“We can request through IWMI to the government about our needs and we can inform them about our conditions, what we want, what we need,” U Myint Aung said, while also expressing great hopes for the young people of his village taking on leadership roles as part of the new framework.
ONLY JUST THE BEGINNING
One thing that soon became obvious in visiting the Pyawt Ywar Pump Irrigation Project was that the work being done to increase the livelihoods of farmers was still in its infancy. Water had just begun to course through the canals in June, and according to the scheme manager elected to oversee the process, U Lwin Oo, only around 30 percent of farmers were fully up to speed on the full scope of the project.
“They cannot hand it over to us in March 2019. They still need to work together with us at least four or five seasons,” U Lwin Oo said, referring to the scheduled pull-out date for the LIFT-funded consortium.
According to UWMI-consortium project leader Schmitter, her organisation has a proven track record across the world when it comes to participatory irrigation management, although the timelines are generally significantly longer. She told Mizzima that her biggest concern is that the situation will return to its previous state or become something even more problematic.
“They really still very much see themselves as competing villages, so this will take time. You can't overcome this impregnated challenge over one season,” Schmitter said. “When the water arrived in 2007, it started creating inequalities between the villages and therefore also led to conflict. We are just very worried that the institutional structure that was set out with a vision and a purpose actually makes things worse than before when not all parties have the chance to equally benefit from the knowledge.”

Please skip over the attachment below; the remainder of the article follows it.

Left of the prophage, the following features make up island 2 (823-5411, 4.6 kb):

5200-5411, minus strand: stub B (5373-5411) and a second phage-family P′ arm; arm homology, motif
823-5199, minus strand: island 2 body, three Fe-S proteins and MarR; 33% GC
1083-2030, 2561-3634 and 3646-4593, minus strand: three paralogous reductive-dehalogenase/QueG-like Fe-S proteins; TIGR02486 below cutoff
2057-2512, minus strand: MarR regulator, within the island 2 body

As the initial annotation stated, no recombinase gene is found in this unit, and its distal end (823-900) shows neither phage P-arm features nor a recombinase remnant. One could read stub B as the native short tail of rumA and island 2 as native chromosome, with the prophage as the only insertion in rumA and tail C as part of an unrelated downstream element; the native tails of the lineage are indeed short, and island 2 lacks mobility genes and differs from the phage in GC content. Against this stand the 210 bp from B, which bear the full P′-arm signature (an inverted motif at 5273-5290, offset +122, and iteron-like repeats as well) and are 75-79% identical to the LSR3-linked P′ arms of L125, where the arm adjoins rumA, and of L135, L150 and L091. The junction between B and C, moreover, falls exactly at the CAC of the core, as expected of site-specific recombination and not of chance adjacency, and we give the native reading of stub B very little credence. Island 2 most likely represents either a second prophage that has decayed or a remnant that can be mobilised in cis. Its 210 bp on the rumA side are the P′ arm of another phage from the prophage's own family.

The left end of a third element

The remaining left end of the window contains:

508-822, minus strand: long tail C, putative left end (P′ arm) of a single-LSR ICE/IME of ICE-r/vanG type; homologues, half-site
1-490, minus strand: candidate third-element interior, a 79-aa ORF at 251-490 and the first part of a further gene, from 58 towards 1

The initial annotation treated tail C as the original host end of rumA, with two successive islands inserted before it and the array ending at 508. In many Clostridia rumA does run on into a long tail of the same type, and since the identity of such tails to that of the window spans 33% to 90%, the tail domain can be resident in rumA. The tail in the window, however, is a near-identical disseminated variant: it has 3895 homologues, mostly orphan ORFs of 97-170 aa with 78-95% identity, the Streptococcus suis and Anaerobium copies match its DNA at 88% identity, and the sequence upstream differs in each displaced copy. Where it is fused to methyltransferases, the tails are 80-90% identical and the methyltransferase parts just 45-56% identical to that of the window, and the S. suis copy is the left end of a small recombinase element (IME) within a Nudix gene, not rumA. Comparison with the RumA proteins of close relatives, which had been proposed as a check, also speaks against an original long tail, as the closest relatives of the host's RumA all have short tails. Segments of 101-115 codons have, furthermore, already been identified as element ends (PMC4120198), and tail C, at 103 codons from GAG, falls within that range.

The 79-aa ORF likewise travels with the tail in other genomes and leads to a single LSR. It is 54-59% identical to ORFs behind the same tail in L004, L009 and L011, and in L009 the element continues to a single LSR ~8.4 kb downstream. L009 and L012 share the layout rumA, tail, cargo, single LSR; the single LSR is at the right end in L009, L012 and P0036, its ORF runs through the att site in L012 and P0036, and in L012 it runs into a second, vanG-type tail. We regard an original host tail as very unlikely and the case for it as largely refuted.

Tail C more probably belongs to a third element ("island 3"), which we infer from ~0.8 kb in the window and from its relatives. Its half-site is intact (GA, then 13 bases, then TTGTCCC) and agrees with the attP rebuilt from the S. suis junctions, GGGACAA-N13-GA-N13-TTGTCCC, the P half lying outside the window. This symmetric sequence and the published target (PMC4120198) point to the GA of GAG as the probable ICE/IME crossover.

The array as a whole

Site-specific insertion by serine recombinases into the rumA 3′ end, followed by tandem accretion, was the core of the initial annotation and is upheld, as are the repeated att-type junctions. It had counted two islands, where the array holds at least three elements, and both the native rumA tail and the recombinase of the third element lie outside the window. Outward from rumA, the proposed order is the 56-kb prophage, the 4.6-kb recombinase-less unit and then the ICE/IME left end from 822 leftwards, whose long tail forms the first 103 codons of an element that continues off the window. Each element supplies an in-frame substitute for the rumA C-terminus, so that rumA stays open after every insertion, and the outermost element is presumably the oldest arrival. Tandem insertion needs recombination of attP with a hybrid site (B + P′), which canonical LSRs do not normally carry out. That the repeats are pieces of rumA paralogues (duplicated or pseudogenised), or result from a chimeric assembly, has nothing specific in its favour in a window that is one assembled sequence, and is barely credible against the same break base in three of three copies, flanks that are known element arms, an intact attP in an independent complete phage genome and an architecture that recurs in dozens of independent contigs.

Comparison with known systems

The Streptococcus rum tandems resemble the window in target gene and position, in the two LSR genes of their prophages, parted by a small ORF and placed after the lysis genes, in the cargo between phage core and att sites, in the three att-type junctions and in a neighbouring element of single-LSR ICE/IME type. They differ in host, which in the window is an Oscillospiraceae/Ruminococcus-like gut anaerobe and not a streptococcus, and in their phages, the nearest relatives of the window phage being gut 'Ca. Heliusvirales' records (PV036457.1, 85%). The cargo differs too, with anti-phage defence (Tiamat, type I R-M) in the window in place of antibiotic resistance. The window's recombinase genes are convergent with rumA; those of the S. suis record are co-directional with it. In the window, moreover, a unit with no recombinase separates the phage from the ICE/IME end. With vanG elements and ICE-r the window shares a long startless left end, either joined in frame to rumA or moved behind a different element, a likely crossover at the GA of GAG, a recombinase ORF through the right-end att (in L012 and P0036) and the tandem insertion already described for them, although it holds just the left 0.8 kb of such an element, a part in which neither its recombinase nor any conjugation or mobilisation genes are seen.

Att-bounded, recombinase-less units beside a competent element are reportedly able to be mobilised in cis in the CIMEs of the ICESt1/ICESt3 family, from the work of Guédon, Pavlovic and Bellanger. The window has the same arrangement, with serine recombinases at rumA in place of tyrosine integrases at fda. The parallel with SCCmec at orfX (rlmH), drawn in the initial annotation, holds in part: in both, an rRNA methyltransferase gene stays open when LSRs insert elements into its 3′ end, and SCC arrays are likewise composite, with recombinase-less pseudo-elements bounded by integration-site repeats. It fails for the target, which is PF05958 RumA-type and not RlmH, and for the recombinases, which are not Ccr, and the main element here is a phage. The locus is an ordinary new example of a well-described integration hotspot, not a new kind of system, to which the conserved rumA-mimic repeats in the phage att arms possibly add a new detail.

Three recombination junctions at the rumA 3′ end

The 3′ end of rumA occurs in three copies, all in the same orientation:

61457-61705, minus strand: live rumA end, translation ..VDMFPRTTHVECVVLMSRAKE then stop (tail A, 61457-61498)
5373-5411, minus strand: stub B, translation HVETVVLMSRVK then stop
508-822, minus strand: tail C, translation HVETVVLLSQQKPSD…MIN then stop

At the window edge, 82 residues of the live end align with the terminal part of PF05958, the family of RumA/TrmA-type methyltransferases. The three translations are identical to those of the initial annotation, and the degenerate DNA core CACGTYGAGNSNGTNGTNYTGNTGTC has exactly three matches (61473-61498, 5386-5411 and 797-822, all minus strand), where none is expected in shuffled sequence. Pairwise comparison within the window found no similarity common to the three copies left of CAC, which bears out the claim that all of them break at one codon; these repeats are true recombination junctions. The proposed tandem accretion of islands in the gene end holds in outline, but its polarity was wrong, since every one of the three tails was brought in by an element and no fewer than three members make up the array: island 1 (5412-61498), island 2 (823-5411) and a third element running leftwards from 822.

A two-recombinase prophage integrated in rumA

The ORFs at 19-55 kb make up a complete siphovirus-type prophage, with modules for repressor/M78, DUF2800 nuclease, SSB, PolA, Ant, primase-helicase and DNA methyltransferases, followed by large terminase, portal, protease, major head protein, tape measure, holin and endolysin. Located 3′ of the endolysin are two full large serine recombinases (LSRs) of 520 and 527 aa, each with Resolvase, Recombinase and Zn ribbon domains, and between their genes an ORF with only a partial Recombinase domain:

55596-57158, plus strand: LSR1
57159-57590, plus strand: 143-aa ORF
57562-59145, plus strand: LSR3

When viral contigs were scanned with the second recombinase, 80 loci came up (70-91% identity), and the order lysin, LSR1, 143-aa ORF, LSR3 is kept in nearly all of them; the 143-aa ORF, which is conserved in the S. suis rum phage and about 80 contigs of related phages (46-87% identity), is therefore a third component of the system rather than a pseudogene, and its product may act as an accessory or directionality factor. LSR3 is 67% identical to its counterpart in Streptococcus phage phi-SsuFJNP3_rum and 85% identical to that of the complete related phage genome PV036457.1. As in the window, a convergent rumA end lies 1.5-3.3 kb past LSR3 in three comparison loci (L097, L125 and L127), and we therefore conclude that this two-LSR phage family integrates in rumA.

LIFT told Mizzima by email that there is currently no planned extension for funding beyond the scheduled March 2019 pull-out.
“The water user groups have started to work and the rules of water management are established and are being exercised. We are confident the capacity building measures of IWMI for water user groups and government staff have created the understanding that these rules are necessary to ensure all potential beneficiaries have access to water in the future,” a LIFT spokesperson wrote.
Whether the Pyawt Ywar Pump Irrigation Project really is a model that can be applied to a region that needs all the help that it can get in bracing for the inevitable effects of climate change remains to be seen, but it is safe to say that the work being done has been more than a drop in the bucket.
IWUMD assistant director U Myat Than, who was set to retire and pass the torch to the next generation after 20 years of service, told Mizzima, “We want to be one of the role models, this irrigation project, because in Sagaing District there are a lot of irrigation projects, and they are all watching Pywat Ywar.”